STEIN: Everyone quickly takes their places, and the surgeon gets to work. Dr. Hourigan explains what's happening.
HOURIGAN: An incision is being made into Mom, and they are getting ready to take out the baby. They can see the head, and the head is now coming out of the C-section incision. Baby's head is out.
UNIDENTIFIED NURSE #3: Time, 8:38.
UNIDENTIFIED NURSE #4: Hello, little girl.
STEIN: It happens just that quick. The nurses rush the baby over to a table to clear her breathing.
UNIDENTIFIED NURSE #1: Oh, my goodness. You're beautiful. Rub you a little more.
STEIN: Once she's nice and pink, Dr. Varsha Deopujari gets to work with the gauze swab for the study.
HOURIGAN: Varsha is wiping the swab over baby's mouth, cheeks and face. She is going to turn the swab over to get more exposure to bacteria. And then she is now wiping the baby's hands and arms.
STEIN: She swabs down her chest, over her abdomen and up the other arm.
HOURIGAN: And then finally, baby's back is being wiped now. And the swabbing is now over.
STEIN: They hand the baby back to the nurse.
UNIDENTIFIED NURSE #1: She did beautifully with that.
STEIN: Dr. Hourigan and her team quickly head out of the operating room.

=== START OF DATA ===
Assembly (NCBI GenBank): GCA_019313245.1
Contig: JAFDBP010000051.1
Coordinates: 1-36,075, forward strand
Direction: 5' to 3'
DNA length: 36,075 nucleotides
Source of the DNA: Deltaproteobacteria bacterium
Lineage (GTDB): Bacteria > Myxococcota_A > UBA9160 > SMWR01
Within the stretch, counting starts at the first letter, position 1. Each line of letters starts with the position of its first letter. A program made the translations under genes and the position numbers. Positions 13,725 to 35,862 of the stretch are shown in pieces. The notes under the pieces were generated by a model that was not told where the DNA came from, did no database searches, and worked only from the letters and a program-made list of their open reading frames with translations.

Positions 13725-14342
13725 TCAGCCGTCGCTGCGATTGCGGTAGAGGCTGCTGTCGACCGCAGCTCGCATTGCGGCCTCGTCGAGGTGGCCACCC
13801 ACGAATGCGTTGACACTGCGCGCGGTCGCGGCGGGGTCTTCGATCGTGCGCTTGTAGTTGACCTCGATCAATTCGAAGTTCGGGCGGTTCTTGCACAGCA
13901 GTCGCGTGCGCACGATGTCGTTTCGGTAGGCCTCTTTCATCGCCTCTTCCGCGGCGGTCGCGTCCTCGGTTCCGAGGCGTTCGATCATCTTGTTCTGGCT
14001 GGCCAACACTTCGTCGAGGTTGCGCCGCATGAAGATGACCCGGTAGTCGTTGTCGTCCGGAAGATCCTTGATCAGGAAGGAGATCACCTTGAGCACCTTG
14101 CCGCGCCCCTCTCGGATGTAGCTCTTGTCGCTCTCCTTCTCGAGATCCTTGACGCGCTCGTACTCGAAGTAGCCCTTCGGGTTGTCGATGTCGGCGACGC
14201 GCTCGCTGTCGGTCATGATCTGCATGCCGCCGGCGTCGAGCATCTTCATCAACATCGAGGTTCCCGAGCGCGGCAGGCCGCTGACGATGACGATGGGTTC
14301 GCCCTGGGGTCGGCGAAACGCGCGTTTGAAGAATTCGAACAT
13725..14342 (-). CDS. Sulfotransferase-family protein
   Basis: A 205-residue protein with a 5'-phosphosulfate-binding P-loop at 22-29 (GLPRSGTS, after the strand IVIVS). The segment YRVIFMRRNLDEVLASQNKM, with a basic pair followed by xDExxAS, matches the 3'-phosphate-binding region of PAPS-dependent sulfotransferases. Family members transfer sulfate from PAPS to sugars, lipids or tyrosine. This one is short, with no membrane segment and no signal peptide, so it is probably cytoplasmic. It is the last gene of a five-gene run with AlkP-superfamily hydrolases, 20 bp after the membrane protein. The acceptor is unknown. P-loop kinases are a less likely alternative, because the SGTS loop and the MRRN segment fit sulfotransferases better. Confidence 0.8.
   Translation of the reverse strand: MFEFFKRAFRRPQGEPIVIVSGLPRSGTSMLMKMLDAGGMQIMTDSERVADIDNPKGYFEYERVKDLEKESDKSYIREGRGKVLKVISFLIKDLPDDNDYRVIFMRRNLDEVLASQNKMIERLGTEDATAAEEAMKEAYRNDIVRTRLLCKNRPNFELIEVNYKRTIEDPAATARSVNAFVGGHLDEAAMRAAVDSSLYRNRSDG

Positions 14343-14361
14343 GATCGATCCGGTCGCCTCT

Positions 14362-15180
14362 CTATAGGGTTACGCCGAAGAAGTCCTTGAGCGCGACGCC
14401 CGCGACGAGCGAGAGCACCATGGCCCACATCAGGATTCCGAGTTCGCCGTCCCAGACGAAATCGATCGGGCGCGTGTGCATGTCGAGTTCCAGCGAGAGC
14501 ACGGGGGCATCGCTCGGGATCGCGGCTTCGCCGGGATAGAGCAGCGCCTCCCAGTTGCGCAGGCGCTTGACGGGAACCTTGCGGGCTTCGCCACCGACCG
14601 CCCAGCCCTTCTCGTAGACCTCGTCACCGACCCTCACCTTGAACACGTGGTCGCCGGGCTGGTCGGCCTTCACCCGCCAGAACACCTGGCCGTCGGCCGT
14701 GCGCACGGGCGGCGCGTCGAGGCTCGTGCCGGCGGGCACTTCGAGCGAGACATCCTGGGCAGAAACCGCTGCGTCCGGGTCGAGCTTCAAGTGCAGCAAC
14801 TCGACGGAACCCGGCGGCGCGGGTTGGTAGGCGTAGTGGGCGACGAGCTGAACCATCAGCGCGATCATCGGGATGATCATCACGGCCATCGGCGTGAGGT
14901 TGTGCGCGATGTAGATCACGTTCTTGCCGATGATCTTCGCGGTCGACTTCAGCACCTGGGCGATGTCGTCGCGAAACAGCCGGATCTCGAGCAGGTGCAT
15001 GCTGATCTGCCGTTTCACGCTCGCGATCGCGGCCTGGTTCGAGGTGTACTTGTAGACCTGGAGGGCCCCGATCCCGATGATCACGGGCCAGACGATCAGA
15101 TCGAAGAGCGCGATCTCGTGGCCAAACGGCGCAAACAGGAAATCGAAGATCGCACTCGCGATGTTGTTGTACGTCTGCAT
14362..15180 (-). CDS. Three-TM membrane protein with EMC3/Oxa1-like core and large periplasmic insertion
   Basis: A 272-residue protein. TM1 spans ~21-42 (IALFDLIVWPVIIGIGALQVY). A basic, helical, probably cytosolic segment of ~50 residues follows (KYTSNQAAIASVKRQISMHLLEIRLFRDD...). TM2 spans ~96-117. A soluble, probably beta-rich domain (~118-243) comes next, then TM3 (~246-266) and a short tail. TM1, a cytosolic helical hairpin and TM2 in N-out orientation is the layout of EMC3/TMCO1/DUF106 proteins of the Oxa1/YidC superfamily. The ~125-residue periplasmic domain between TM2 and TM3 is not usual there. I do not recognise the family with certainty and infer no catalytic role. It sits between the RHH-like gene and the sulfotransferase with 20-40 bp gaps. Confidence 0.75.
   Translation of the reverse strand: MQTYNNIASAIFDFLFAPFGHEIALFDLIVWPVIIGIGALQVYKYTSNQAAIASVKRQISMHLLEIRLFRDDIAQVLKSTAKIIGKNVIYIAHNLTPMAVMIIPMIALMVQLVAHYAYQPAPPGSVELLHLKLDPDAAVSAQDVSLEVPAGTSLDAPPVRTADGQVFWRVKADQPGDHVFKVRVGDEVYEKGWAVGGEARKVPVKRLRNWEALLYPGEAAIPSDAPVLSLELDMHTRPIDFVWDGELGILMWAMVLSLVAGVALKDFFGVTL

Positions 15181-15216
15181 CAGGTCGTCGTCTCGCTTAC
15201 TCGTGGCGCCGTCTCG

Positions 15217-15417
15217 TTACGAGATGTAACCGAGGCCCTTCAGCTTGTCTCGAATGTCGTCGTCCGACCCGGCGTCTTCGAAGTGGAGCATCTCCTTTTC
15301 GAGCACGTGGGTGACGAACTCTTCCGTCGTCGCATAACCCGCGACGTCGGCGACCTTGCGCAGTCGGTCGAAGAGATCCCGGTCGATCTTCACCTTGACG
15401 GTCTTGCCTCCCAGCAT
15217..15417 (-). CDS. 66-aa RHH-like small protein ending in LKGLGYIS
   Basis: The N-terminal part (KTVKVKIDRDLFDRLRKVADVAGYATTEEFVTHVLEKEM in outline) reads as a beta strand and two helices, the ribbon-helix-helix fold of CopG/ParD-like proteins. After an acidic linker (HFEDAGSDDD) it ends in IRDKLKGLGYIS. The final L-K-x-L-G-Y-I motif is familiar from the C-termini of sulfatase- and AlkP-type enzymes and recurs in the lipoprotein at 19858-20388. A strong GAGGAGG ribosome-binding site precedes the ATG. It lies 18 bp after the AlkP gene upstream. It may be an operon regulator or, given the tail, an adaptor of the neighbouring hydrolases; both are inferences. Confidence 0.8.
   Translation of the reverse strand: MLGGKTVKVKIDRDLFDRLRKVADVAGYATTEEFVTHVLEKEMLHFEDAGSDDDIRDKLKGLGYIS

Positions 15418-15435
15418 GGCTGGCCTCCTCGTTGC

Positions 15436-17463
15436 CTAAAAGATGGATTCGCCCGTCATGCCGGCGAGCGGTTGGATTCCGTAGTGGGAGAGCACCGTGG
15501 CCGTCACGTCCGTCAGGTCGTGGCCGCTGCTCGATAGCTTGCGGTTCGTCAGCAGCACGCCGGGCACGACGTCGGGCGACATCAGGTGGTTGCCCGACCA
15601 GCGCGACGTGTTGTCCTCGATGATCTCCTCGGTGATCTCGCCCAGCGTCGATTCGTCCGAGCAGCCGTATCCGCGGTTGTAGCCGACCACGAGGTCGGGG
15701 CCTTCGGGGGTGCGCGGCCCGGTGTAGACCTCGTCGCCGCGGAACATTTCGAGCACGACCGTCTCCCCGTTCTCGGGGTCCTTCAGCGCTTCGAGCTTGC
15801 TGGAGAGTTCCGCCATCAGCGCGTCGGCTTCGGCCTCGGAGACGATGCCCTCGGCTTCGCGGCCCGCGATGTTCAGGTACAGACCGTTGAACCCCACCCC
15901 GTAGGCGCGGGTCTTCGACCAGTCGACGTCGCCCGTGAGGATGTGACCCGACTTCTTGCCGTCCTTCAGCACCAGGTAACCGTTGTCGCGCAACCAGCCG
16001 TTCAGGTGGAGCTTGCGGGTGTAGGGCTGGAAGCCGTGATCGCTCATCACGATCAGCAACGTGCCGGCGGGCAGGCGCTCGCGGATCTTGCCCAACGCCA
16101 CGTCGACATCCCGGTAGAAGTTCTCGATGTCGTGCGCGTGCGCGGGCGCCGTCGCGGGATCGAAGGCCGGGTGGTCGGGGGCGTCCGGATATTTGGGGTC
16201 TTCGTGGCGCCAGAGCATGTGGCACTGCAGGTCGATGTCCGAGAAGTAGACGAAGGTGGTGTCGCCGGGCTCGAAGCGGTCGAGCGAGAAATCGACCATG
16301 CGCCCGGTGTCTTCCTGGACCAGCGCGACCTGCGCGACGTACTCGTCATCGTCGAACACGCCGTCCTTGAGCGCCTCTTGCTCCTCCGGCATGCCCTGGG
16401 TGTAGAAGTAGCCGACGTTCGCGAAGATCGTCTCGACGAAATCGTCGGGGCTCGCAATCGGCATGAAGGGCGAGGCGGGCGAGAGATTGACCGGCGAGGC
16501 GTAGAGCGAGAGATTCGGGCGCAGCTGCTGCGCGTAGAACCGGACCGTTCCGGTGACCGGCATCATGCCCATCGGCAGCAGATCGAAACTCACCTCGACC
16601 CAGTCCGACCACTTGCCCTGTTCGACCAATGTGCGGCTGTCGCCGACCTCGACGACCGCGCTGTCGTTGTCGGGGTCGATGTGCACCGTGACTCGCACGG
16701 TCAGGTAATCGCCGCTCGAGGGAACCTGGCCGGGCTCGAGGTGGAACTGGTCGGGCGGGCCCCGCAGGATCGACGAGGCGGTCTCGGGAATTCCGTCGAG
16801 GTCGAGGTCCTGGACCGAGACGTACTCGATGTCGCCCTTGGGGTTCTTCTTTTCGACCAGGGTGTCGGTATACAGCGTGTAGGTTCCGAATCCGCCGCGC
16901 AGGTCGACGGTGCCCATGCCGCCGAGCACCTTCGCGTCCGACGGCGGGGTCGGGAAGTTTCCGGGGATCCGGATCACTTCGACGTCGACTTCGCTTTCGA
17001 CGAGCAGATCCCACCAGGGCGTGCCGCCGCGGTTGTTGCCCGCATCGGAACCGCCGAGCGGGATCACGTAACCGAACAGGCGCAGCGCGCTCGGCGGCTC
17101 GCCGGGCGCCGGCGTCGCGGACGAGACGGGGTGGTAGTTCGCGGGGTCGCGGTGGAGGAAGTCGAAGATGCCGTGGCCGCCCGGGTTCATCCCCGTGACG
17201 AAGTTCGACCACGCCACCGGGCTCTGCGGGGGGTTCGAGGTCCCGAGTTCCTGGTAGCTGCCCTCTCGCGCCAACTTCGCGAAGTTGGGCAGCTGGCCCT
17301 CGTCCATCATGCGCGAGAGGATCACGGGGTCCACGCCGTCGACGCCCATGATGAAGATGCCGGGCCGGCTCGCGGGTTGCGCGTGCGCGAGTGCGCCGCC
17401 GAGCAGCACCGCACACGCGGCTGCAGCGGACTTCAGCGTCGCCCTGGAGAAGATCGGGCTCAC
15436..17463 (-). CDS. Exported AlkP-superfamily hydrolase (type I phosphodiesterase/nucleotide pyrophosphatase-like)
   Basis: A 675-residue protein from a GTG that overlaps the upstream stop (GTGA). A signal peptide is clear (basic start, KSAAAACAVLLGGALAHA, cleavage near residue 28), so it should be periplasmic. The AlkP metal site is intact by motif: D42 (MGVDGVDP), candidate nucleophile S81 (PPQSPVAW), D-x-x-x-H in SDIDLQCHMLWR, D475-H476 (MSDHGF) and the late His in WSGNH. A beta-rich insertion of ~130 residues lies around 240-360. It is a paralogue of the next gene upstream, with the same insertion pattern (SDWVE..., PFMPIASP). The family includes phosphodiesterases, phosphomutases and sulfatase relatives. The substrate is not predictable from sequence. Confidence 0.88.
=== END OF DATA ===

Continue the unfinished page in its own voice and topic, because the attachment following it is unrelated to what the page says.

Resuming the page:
HOURIGAN: That went perfectly. Baby came out and was crying. We waited till baby was stable, and the swabbing went just as planned. Beautiful baby girl.
STEIN: The next morning, I stop by to check in on Danielle, her husband, Nick, and their new daughter. Hi. How you doing?
D. VUKADINOVICH: I'm good. Feeling good today.
STEIN: What a sweetie.
D. VUKADINOVICH: Yeah. She is. She's sweet.
STEIN: Danielle and Nick are still trying to decide on a name, and they don't actually know if their new daughter got Danielle's microbes or a sterile solution, but they have their fingers crossed she was swabbed with the microbes.
D. VUKADINOVICH: I really hope that she was and that, you know, she won't have any health issues. I think if there's a decreased chance of her having health issues, that would be awesome.
STEIN: Her husband, Nick, agrees.
NICK VUKADINOVICH: We're not terribly religious so we won't baptize with water, holy water. But we like the idea of a bacterial baptism instead of a holy baptism 'cause now she's been initiated with the bacteria, friendly bacteria, and that should protect her down the road.
D. VUKADINOVICH: I like that. It's nice.
STEIN: Dr. Hourigan will do this with 50 babies to make sure it's safe and then hopefully expand the study to 800 newborns who will be followed for three years to see if bacterial baptisms really do help them live better lives. And if you're wondering, Danielle and her husband, Nick, finally settled on a name, Evelyn Marie (ph).
Rob Stein, NPR News, Falls Church, Va. Transcript provided by NPR, Copyright NPR.